Beginnings

I haven’t decided whether I want this to be public yet. Maybe it’s better to keep it private, a modern version of the journals I always tried (and failed) to keep when I was younger. Now that I type faster than I write (isn’t that a sad statement about my generation? We are literally losing the ability to write with pen and paper. I had to write in cursive during the section of the SAT where you promise–because I guess cursive means a REAL promise– that you are the person you claim to be, and I could hardly do it. I haven’t written cursive since it was mandatory during third grade. I remember the Q. It looks like a 2. Sadly, no Q’s to be found in the promise of identity)

I always seem to start these journals (collection of musings? random thoughts? diaries?) at times that either I or society have decided are “transition” points. Like I’m trying to write my own bildungsroman (proud, Ms. K?) at those key moments.  When I started middle school– I think I have 10 whole pages from that year, again on my 13th birthday, 15th birthday, the day I got my license, when I started my senior year of high school. 5 beautiful journals started and left empty.

And now, here I go again. Another try. This time it’s off to college. Leaving my old life behind and starting anew.  I just have to survive the journey there first.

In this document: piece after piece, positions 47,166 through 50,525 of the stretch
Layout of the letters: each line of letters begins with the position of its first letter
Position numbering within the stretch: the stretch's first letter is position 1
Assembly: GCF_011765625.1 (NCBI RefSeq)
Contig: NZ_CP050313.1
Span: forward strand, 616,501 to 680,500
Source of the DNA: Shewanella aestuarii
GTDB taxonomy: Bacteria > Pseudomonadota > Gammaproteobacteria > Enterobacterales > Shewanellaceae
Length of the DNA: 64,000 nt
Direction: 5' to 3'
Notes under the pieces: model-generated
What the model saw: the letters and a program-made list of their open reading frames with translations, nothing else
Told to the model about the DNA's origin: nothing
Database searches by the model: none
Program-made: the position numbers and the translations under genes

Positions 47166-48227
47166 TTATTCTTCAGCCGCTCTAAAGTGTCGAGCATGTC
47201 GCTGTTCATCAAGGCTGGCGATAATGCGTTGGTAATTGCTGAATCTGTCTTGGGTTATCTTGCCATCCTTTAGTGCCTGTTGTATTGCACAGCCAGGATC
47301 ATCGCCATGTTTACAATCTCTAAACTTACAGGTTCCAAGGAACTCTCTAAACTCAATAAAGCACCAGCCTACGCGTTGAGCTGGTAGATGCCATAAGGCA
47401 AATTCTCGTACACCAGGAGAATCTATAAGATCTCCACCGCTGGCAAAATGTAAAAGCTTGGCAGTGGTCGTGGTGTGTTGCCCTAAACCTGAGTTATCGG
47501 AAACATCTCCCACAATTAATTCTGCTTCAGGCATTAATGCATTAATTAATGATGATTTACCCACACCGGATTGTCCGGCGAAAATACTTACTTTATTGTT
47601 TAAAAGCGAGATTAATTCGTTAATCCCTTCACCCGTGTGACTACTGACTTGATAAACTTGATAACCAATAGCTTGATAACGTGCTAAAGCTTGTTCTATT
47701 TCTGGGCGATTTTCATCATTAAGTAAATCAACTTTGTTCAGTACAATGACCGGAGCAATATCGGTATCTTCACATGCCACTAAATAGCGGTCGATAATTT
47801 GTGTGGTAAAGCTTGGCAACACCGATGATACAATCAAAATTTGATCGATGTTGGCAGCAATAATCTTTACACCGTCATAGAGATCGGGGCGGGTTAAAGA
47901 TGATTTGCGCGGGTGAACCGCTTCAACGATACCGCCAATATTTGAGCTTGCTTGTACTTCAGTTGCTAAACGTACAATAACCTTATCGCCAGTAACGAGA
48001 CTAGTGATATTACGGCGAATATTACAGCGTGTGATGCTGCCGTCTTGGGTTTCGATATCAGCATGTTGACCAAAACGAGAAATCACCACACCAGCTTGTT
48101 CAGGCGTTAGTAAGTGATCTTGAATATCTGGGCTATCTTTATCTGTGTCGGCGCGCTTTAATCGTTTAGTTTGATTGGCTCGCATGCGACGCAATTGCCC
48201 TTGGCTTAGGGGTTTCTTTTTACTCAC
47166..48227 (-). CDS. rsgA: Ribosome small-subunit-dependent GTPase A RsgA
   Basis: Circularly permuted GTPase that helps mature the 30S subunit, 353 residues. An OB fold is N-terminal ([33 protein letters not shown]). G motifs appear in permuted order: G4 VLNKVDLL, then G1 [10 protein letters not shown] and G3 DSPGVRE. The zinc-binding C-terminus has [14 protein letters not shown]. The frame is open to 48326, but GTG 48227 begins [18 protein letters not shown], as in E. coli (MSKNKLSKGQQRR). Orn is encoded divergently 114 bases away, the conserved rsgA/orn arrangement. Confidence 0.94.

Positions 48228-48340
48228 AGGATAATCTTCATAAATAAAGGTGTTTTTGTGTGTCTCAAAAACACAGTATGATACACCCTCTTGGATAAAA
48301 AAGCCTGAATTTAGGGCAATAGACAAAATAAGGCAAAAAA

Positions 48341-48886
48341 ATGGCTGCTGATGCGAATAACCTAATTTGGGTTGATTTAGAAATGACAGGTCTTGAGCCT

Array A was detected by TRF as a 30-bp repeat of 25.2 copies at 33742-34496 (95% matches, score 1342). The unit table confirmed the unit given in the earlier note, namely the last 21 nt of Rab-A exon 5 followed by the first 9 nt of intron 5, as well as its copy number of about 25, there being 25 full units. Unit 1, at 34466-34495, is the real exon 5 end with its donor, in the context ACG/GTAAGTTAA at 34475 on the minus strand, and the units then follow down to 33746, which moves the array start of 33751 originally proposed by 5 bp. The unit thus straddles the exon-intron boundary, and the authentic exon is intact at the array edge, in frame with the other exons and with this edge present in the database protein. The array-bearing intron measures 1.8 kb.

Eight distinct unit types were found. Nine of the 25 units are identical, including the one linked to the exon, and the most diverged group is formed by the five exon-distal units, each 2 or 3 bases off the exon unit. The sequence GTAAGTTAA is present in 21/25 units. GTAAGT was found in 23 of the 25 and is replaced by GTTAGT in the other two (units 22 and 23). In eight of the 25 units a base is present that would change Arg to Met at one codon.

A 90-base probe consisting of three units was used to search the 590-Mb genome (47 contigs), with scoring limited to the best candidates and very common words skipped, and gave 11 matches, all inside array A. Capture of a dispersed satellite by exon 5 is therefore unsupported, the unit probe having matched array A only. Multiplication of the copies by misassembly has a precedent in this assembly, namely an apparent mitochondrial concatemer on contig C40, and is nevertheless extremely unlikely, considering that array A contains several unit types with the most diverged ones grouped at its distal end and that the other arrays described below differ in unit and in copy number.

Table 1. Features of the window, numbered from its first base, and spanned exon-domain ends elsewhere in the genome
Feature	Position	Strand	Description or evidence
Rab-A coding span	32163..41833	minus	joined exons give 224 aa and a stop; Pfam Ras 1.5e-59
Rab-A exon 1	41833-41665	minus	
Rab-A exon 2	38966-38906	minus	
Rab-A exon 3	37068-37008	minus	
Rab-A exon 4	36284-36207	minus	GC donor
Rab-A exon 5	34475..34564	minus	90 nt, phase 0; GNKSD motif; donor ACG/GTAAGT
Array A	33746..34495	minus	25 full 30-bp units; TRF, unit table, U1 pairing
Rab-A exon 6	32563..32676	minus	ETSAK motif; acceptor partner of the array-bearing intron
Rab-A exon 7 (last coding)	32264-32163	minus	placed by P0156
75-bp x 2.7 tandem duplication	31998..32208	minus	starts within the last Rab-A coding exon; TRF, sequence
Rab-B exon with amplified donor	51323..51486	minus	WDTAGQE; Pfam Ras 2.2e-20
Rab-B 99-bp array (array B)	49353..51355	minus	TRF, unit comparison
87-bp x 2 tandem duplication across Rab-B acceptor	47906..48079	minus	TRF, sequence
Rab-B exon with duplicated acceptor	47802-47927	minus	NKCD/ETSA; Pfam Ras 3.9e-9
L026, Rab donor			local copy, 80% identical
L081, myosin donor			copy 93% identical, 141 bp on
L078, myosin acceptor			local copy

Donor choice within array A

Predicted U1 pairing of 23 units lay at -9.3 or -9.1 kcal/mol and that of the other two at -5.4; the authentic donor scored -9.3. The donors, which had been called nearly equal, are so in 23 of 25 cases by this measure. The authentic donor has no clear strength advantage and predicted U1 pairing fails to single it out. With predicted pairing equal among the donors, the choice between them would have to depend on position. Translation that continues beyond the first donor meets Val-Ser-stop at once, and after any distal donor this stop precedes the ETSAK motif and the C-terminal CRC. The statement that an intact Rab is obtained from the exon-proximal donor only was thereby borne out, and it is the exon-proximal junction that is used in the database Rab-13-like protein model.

Me. My 54 year old mother. My beat up forest green Suburu station wagon. 3,329 miles between our little slice of California suburbia and rural Maine.  Ready, set, go.

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…And so it starts

…And what is there to say. I guess I start with introductions. I’m Charlie– well Charlotte– but only my father calls me that, and he’s not around much. 

Charlotte never suited me as a child. I was too much of a tomboy, playing with the neighborhood boys with dirt under my finger nails, refusing to wear dresses or have my hair brushed.  I used to carry snails into the house, name them and leave them in a ceramic bowl.  Harry. Mike. Jenine. I didn’t cover them up with plastic wrap because I wanted them to get plenty of fresh air. No dead snails on my watch. It drove my mom crazy, finding snails crawling up the bathroom wall while she was showering. Then I was Charlotte.